Happy New Year! We hope you enjoyed (or are still enjoying) time off over the summer. 2014, the hottest year on record, sure had its fair share of awful, so here’s to a better 2015. The Australia Institute is heading into the new year stronger than ever, thanks to a big effort in 2014, and thanks to the support of people like you. We wish you the best for 2015, and hope you’ll join our campaigns for a smarter, kinder and fairer approach to policy.
- Accountability and Anti-Corruption Conference in Queensland
- Changing the Budget Focus – To Revenue
- Big Pineapple, Big Election
- Global Go To Think Tank Report Launch
- TAI in the Media
Accountability and Anti-Corruption Conference in Queensland
Accountability, transparency and governance are defining issues in Queensland’s public life and will continue to be vitally important whatever the outcome of the upcoming election.
The Australia Institute is proudly supporting “Accountability and the Law: Safeguarding Against Corruption in Queensland“, a one day agenda setting conference which will be held in the first few days of the new parliament. It brings together many of the state’s leading legal and academic accountability experts, as well as the corruption fighting heavyweight, former commissioner of the New South Wales Independent Commission Against Corruption (ICAC), the Honourable David Ipp AO QC.
The sessions cover many of the most controversial and pertinent issues in recent Queensland public life, with panels including some of the key players in these public debates including 2 former Queensland integrity commissioners, Dr David Solomon and Gary Crooke QC, former CMC Commissioner Philip Nase, recently retired Supreme Court Justice George Fryberg and Queensland’s leading academics on accountability issues, Professor Graeme Orr and Professor AJ Brown, among others.
It is an event not to be missed by anyone concerned about integrity and accountability in Queensland.
WHERE: Customs House, Brisbane
WHEN: 9 February, 2015
Changing the Budget Focus – To Revenue
The ideological cuts proposed and enacted so far by the Abbott Government have been justified by the so called ‘budget emergency’. But Australia’s budget bottom line issues are primarily caused by fluctuations in revenue rather than big increases in spending. Over the past 20 years government spending has averaged around 24 per cent of GDP with a high of 25.3 per cent and a low of 23.1 per cent. So why is all the focus on spending, rather than revenue measures?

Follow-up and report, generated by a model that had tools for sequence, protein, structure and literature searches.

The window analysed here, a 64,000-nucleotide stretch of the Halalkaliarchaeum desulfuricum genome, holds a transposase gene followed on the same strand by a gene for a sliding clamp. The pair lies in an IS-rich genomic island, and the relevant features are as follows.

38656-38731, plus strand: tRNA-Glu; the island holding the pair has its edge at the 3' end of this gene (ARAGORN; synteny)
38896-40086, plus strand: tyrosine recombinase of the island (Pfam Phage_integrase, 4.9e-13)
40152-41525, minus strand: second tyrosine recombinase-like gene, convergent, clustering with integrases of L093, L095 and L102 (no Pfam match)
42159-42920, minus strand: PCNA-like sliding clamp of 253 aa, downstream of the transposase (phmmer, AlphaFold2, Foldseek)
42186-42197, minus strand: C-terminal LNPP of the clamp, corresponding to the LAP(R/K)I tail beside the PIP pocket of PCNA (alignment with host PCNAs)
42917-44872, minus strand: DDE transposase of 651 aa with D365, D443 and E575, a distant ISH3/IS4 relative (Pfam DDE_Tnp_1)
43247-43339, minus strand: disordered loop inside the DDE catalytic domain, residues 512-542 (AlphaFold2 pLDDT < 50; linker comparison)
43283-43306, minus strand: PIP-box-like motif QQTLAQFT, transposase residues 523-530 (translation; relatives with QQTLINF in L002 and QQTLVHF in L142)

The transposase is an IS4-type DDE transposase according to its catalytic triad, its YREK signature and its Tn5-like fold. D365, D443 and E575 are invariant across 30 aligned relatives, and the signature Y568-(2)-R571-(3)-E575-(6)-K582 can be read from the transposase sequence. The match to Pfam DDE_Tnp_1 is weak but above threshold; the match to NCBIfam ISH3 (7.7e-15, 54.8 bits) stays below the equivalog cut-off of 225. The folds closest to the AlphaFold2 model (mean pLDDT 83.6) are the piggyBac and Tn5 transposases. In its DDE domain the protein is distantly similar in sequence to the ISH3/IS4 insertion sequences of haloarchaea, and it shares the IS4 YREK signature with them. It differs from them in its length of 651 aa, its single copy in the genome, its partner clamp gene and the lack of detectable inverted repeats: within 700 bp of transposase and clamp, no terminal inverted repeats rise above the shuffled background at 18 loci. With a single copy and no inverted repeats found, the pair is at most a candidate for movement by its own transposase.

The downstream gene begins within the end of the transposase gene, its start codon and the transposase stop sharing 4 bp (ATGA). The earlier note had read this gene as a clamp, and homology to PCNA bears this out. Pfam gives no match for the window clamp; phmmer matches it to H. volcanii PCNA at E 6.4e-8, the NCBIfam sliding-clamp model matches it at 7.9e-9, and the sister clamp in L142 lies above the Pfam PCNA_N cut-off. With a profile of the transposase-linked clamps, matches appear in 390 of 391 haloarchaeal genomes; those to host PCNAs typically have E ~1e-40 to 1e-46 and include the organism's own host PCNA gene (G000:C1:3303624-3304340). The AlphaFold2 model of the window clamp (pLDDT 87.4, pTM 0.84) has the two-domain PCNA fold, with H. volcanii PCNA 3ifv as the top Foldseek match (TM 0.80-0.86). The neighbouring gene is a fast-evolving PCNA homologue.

When self proclaimed ‘free-marketeers’ do talk about raising extra revenue, again, they are prone to looking in all the wrong places. The coalition of business groups and politicians pushing for the GST to be extended to fresh food have characterised their position as in line with free market economics. ‘Broaden the tax base, lower the tax rate, remove the distortions’ goes their cry.
Until you mention that private schools or private health are exempt from GST that is. These exemptions overwhelming advantage to top 20% of income earners, while the burden of GST on fresh food would, you guessed it, be a of far greater burden to lower income households.
The Australia Institute has worked to change the conversation away from cuts, cuts, cuts, to looking at some of the ways to create both a fairer, and more stable revenue base. Top of our list, however, is not the GST, but instead remains the Superannuation Tax Concession, Diesel Fuel Subsidies and Capital Gains Tax. But if the GST is on the table, our research shows that there are less regressive ways to increase revenue that fresh food.
Big Pineapple, Big Election
The snap election called by Campbell Newman may have reduced the time in which issues of local, national and global significance. Slogans and spin are doing their best to bury major questions about the economy, climate, accountability and governance in the Sunshine State.
The Australia Institute’s released a report last week which revealed that the Queensland taxpayer had subsidised the Abbott Point Coal Terminal to the tune of $2 billion. While the environmental destruction and hazard of coal operations on the Great Barrier Reef are better known, the report ignited debate about the economics of the project, which has never been subject to a public cost-benefit analysis.
TAI will also be putting anti-corruption issues on the agenda before the election, in the lead up to the accountability conference.
Global Go To Think Tank Report Launch
The Australia Institute will join a number of Australia’s top think tanks to launch the 8th Annual Global Go To Think Tank Report in Canberra.
Produced by the Think Tanks and Civil Societies Program at the University of Pennsylvania, the Global Go To Think Tank Report is the most comprehensive ranking of the world’s top think tanks. There will be a press conference and event to recognise the work being done in Australia and around the world, and the leaders of the industry.
Where: Australian Institute of International Affairs, Stephen House, 32, Thesiger Court, Deakin
When: Friday, 23 January 2015 – 10am to 12pm – RSVP: email@example.com.
TAI in the media
Guardian: Queensland Taxpayers Subsidised Abbot Point Coal Port Expansion By Up To $2bn
Canberra Times: Slap GST on private school fees if you truly have an interest in fairness
Financial Review: Left Pushes GST for Private Schools Health
SBS: Long Work Hours and Alcohol Abuse Linked
The Australian: Health, School Fees Eyed for GST
Canberra Times: Joe Hockey Looking in the Wrong Place for a Budget Fix
Tanya Martin Office Manager
Jake Wishart Senior Media Adviser